How much money and time did you spend in all? I am excited to build my own solar panels, just trying to budget.
fozzy13 (author)  ShannonFloyd3 years ago
The cells themselves were the most expensive part. For this project alone, I think I spent around $40 for the cells? The picture frames, wires, and foam sheets were only a few dollars total. It didn't take me too long to assemble it all either, call it 2-4 hours?

Thanks for commenting!! : )

This has been entered into the Green Living Contest by the way : )
bulwynkl3 years ago
Hi - been considering this sort of thing for a while, both for home (suburban melbourne) and my fathers country property.

the biggest concern I have is Hail and similar nasty weather... so I would like to armour the panel with strong glass - so - does anyone know what glass would be suitable?
Fibreglass would be the best
but it is unlikely to be transparent...

the glass goes in front of the cells.

it must be thick enough and tough enough to withstand the elements and protect the cells from damage.

Ideally it must let as much solar radiation of interest through as possible.

Most window glass - Borax glass - absorb significant amounts of UV. Pure silica glass is very expensive - perhaps Lime glass would work as a compromise...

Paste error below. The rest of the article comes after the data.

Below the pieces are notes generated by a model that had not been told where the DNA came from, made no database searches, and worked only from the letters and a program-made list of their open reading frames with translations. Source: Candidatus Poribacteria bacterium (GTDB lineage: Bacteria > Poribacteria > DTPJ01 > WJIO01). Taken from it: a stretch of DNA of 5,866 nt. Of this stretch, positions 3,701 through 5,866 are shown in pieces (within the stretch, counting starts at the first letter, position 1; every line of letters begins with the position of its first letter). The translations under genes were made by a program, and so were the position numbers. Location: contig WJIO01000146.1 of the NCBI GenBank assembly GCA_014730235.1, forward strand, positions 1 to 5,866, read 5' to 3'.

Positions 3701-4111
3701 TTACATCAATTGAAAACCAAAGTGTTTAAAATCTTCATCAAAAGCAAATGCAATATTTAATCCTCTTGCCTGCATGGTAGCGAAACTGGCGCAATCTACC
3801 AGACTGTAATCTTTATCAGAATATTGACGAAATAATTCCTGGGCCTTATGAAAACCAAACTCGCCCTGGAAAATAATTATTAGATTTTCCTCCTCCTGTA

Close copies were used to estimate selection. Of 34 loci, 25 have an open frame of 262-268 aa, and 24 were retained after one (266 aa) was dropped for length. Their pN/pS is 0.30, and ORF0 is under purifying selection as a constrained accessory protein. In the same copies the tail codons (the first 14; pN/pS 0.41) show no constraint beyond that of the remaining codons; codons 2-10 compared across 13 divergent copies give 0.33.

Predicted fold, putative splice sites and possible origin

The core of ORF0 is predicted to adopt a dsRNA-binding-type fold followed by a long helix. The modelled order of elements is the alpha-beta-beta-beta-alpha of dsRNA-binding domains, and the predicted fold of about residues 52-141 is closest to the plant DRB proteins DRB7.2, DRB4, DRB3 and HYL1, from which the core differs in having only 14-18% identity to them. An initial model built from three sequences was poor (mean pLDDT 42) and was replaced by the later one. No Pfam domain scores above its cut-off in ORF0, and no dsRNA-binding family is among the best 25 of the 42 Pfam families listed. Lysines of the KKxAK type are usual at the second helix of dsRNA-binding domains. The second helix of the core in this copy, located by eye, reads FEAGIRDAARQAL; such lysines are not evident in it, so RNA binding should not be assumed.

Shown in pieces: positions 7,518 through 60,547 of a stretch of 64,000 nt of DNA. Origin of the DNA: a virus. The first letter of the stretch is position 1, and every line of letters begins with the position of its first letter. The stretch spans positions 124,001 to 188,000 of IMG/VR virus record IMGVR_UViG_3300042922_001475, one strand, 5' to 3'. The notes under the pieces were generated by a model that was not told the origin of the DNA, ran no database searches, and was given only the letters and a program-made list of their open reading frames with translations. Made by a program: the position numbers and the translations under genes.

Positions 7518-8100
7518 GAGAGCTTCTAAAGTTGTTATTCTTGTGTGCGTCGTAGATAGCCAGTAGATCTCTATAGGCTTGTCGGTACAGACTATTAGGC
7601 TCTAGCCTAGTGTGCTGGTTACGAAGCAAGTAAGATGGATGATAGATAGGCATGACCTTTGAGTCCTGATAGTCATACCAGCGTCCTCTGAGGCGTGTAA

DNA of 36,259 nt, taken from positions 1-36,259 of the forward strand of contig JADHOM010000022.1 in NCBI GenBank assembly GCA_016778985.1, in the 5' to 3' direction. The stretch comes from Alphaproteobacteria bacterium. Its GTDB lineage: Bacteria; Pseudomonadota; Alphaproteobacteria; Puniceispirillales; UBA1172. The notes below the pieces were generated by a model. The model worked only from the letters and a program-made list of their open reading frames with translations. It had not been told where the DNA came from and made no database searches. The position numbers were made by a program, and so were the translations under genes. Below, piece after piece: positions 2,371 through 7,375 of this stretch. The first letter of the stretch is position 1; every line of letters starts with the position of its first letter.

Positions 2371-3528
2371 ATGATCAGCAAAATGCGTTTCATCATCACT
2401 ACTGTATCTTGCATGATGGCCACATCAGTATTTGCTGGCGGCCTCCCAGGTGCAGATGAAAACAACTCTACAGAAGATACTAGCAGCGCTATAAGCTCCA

what do they use in commercial panels?
fozzy13 (author)  bulwynkl3 years ago
You seem to know more about glass than I do, but if I were you I might look into automotive glass, like that used for the windshields of cars. Considering car windshields can take a lot of damage it might not be a bad idea.

Thanks for commenting!! : )

This has been entered into the Green Living Contest by the way : )
They use a 1/4 inch glass. and then they seal the cells with a clear flexible epoxy like the dow 6100 Solar cell Encapsulant and then they cover the back with a layer of heat shrink plastic like TPE or EVA.
Hellow sir!
The class that would be suitable for your project would be 1/4 inch glass. Professional company's use 1/4 glass in all of their solar panels. You can also use 1/4 inch plexi glass and that will never brake but just be cautioned about warping in the great heat :D

penguini883 years ago
Super cool! I'm almost finished with my project for the Green Living and Technology Challenge. By the way how many of these do you have at your house?
fozzy13 (author)  penguini883 years ago
Thanks!! That's great, I'd love to see your entry : ). I have two panels like the one shown here at my house, and then I have another small panel that I made from glass-covered cells.
Thanks for commenting! : )
SHIFT!3 years ago
Nice job! Just curious, what was the output on this device?
fozzy13 (author)  SHIFT!3 years ago
Thanks! The final output was roughly 4 volts at 100 mA. If I had not broken so many cells in the process, my output could have been much better, but it was good to go through the building process nonetheless.

Thanks for commenting! : ) By the way, this has been entered into the Green Living and Technology Challenge.